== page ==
Season's greetings to you all, and may 2012 be the best yet! (And here is my card depicting the truth about the writing from the pen of the wonderful Charles Barsotti, www.barsotti.com )
BLOG.LINDAARONSON.INFO: The Ides of March. I loved it but... The Ides of March. I loved it but...
Many apologies for the silence. I've now finished a very busy lecture tour to Europe. It was hugely interesting, and as ever I met all kinds of interesting writers.
I saw The Idea of March last night. Very nicely done, but I had a couple of niggling queries over motivation that spoilt the film a little for me.
I found it hard to believe that the young girl would go to her boss to help her in the situation she was in. I don't think she'd have risked that. I think her first recourse would have been her friends.
I also didn't know why our hero went to the fateful meeting, or why he covered up initially.
And I didn't know why our hero didn't get the money from his own account, rather than risk being accused of putting his hands in the cash register.
Very minor issues, but they could, actually, have been fixed simply by tiny tweaks to the dialogue, by inserting a sentence of explanation as to the motives.
Otherwise, it was a fine film.
Bridesmaids is about a group but it’s not a multiple protagonist film. I think it’s a special kind of buddy movie and it closely resembles Four Weddings and A Funeral.
So what? Why does this matter?
It doesn’t if you’re not a writer. It matters a lot if you are, because if you ever find yourself writing a film with the same kind of content as Four Weddings or Bridesmaids you may well need to use their pattern, and to do that, you need to know what kind of plot material and structure their pattern requires in order to work.
Okay. Let’ s look at this. Why aren’t Four Weddings and Bridesmaids multiple protagonist structures? Because they aren't about different versions of the same protagonist, with each protagonist having its own action and relationship lines and the film following each protagonist in turn (all of which means you have to create a lot of story strands to tell all their stories).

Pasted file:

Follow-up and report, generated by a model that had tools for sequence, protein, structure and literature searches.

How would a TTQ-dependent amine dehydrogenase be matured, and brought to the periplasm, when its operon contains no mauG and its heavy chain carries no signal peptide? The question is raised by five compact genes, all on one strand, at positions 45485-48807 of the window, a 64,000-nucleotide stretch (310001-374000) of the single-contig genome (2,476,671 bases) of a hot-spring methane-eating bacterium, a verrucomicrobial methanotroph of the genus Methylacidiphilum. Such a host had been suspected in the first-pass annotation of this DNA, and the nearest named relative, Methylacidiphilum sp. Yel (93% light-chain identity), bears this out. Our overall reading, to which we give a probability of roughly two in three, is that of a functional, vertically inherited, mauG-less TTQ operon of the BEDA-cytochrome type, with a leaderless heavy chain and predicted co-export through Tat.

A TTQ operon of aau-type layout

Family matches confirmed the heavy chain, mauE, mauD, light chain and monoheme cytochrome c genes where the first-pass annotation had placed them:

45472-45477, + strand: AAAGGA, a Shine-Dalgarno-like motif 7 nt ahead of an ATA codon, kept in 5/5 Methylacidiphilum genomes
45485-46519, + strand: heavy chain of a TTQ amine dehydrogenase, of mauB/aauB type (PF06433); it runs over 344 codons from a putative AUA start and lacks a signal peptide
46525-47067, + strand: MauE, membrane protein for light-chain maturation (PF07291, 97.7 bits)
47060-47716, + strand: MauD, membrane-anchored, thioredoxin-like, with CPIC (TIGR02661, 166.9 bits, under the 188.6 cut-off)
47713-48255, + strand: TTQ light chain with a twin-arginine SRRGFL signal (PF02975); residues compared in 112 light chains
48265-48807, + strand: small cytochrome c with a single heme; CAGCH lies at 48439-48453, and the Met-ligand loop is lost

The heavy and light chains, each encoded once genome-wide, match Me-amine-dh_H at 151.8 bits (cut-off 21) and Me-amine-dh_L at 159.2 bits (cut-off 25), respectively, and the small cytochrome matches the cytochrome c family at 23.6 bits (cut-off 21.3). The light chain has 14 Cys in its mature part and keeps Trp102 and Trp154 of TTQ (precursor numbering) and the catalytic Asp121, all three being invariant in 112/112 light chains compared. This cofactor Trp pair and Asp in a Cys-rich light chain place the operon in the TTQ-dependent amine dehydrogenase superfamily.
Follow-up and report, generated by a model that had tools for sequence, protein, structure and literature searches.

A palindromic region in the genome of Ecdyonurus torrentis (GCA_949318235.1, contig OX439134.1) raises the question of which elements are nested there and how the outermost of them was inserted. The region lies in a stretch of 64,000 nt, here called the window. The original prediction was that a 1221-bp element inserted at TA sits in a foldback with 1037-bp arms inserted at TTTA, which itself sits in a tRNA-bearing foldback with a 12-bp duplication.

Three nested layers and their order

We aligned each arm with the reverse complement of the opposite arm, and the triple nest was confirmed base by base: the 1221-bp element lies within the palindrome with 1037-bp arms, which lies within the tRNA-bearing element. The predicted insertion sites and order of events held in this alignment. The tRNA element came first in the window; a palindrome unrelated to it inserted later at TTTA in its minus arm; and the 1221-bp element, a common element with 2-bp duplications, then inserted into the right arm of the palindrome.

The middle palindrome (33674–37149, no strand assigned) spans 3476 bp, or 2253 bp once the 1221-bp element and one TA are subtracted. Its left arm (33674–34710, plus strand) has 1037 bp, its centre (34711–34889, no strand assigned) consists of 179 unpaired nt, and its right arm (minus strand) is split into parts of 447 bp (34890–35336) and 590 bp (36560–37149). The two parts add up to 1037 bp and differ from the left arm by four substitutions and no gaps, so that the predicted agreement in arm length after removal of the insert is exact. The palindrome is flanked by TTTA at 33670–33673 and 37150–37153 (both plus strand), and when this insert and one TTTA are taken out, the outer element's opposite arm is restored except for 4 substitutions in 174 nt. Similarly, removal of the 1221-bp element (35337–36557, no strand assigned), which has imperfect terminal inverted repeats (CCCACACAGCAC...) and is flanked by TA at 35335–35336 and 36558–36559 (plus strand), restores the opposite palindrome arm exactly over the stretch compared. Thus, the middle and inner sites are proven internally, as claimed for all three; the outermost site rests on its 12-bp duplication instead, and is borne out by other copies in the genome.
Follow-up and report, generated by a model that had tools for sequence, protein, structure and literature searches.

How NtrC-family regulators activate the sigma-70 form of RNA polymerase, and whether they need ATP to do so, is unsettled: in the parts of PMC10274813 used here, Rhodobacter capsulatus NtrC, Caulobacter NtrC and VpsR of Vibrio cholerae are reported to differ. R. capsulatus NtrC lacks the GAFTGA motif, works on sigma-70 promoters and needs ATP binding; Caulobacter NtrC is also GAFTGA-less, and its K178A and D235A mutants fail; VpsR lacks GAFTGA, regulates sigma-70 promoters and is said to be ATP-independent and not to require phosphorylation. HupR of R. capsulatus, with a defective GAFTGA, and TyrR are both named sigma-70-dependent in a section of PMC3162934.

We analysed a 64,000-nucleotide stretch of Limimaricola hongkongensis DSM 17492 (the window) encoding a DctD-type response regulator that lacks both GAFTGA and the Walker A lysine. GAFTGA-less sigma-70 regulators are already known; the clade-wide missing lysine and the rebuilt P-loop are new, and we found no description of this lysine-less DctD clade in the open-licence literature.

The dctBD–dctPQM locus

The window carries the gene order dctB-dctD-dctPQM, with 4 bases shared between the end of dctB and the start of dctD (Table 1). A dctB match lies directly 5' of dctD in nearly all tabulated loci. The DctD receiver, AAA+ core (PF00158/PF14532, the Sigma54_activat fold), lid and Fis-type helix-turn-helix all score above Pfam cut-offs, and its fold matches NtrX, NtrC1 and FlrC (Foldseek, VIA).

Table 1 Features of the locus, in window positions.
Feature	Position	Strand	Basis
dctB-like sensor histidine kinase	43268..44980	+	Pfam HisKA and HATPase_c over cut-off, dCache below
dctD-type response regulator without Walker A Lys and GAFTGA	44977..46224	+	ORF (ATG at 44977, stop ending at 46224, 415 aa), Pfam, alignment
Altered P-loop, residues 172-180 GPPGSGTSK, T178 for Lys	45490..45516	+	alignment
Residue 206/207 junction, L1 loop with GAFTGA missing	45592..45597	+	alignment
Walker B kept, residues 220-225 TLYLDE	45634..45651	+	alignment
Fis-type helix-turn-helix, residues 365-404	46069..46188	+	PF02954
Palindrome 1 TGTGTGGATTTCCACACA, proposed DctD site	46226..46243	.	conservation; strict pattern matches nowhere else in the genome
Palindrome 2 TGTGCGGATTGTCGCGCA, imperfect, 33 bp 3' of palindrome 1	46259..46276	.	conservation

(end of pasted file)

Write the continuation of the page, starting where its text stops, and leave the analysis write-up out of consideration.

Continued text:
Instead, both films are centred around a single protagonist, who stays on screen almost all the time and has their own relationship line, a love story, with someone who’s not part of the group. Crucially, the action doesn’t leave that protagonist to follow other characters into their lives or their doings except momentarily.
Hence, Bridesmaids and Four Weddings are not about ‘a group of characters having an adventure - a quest, a reunion or a siege. They’re more like: ‘ A person has adventures with a whacky group.’. Clearly, the amount and type of plot you have to create is very different.
And that is why, as a writer, you need to care.
So, does your film need this kind of structure? It all comes back to the story you want to write. Our rule is ‘content dictates structure’, so what’s your content? Is the film you want to write primarily about a troublesome/interesting/charming group? Or is it primarily about one person interacting with a troublesome/interesting/charming group?
Are you thinking ‘Kim, Jenny, Pete, Mary and Sam go on an adventure’ or ‘Kim goes on an adventure with Jenny, Pete, Mary and Sam’ Are you thinking ‘Five friends go on an adventure’ or ‘A girl goes on an adventure with three friends’?
Four Weddings and Bridesmaids are both romantic comedy versions of the second type. But there are serious versions of this type, for example, The Counterfeiters , which is about a man in World War II who is forced to lead a team producing counterfeit banknotes.
Be careful though. There is no status or superiority in having a single protagonist story, so if the heat of your story is the group, don’t feel you have to pull out one member of the group and construct the film around them.
Always find your answer by asking: ‘what story do I want to tell?’ Then make action and relationship vividly real but unusual.
Meanwhile, I need to think more about this new kind of multiple buddy movie. Watch this space.
Linda is a screenwriter, novelist and playwright. As well as teaching and mentoring writers around the world, she regularly consults on screenplays at the highest level in the US, UK and Australia.
Subscribe to Linda Aronson's Craft Skills Newsletter